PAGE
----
Partisans agree on many top goals, but disagree on taxes and immigration
PRINCETON, NJ -- Americans are very clear on what President Barack Obama's top priority should be in his second term. Restoring a strong economy and job market ranks No. 1 out of a list of 12 issues, with more than nine in 10 Americans saying it is extremely or very important that Obama take major steps to make this happen. Additionally, more than three-quarters attach high importance to his ensuring the long-term stability of Social Security and Medicare, and preventing Iran from developing a nuclear weapon.
Solid majorities of Americans in the Nov. 9-12 USA Today/Gallup poll also put heavy emphasis on significantly reducing the United States' dependence on fossil fuels, making college education more affordable, making major cuts in federal spending, and simplifying the tax code by lowering rates and eliminating deductions and loopholes.
Not only do at least seven in 10 Americans rate all of these goals as extremely or very important, but majorities of Republicans as well as Democrats agree on their importance. In other words, there is bipartisan consensus that these goals are important.
On the reverse side of things, relatively few Americans, including fewer than four in 10 Republicans or Democrats, consider making major cuts to military and defense spending a high priority for Obama.
Surtaxing the Rich and Global Warming Are Most Divisive
All will not be so easy for President Obama to navigate, however, as is evident in the broad partisan disagreement seen on two issues in particular -- raising taxes on the wealthy and addressing global warming. At least seven in 10 Democrats consider each of these highly important for Obama to do, but that contrasts with 20% of Republicans and slightly less than half of independents.
The poll also finds a significant partisan gap in ratings of immigration priorities. By 82% to 48%, Republicans are much more likely than Democrats to say that stopping illegal immigration should be a top priority. However, by a smaller 49% to 25% margin, Democrats are more likely to say providing a path to citizenship for illegal U.S. immigrants should be a top priority.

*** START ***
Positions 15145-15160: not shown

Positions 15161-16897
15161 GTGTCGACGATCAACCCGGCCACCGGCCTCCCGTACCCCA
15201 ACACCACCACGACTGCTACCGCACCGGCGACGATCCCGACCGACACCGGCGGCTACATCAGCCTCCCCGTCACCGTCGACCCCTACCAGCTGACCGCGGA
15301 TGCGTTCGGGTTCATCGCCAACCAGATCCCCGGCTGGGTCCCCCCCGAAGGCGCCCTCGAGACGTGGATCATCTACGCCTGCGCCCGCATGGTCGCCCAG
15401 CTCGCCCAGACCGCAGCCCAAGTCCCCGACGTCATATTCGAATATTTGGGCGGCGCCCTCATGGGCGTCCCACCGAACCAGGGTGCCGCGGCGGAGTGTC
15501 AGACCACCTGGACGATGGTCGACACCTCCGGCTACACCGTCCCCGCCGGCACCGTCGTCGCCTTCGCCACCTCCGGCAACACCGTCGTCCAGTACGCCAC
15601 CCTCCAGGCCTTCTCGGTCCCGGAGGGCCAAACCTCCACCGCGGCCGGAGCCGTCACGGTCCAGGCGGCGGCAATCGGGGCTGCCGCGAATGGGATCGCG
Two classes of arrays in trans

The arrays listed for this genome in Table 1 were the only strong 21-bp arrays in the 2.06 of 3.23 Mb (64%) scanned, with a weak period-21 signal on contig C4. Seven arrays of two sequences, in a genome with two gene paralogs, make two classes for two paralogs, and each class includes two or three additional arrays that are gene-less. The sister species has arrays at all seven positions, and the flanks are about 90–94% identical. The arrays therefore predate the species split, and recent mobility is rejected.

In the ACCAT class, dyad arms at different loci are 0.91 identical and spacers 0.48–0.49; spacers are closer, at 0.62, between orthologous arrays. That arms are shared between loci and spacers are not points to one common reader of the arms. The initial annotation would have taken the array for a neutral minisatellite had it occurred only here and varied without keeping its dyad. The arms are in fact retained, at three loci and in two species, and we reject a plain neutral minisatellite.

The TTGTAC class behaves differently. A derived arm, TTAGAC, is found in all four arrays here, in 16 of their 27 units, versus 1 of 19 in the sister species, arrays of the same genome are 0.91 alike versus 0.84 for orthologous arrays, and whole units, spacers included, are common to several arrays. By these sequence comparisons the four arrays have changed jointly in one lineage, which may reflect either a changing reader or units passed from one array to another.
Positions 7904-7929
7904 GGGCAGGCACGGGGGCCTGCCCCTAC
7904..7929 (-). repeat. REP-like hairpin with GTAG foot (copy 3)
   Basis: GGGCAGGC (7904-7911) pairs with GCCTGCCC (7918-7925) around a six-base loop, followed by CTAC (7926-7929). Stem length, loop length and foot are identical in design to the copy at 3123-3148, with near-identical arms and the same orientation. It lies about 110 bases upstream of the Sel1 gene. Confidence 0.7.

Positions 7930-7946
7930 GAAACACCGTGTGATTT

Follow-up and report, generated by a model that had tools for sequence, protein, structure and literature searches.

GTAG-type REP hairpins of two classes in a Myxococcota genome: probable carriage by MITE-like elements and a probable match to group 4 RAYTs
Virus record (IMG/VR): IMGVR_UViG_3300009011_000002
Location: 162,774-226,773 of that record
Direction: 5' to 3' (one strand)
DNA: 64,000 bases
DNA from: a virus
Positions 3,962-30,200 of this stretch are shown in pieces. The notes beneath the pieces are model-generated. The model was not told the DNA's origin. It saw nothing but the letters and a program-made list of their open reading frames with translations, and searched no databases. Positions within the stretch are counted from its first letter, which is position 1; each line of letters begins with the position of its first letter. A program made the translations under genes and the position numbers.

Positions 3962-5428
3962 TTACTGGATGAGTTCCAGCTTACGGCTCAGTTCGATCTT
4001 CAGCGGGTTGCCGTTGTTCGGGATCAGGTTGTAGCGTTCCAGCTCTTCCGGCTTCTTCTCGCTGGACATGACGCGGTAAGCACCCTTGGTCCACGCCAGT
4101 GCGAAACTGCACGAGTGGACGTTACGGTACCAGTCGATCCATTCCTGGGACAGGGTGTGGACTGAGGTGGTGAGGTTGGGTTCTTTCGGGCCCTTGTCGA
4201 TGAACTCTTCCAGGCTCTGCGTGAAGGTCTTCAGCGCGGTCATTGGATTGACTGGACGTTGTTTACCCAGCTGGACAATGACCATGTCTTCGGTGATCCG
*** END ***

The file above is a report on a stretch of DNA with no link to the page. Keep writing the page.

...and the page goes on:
Since the election, political observers have debated about whether President Obama has a mandate to advance some of the more liberal policies he championed during the campaign or that failed to pass in his first term. Republican vice presidential candidate Paul Ryan has flat-out stated that Obama has no such mandate by virtue of the re-election of a Republican House majority. Fortunately, the importance Americans attach to various policy proposals brings some clarity to the matter.
From these data, Obama appears to have less of a mandate than an assignment: fix the economy. It's undoubtedly the same assignment that would have faced Mitt Romney had he won the election, and will likely deflate the importance Americans attach to other priorities -- such as cutting federal spending or confronting Iran -- if those appear to seriously conflict with economic growth. Similarly, the next two most highly rated priorities -- safeguarding Social Security and Medicare, and preventing a nuclear Iran -- are ones that both presidential candidates supported in the campaign. The political battles fought on these goals will be over how, not whether, to accomplish them.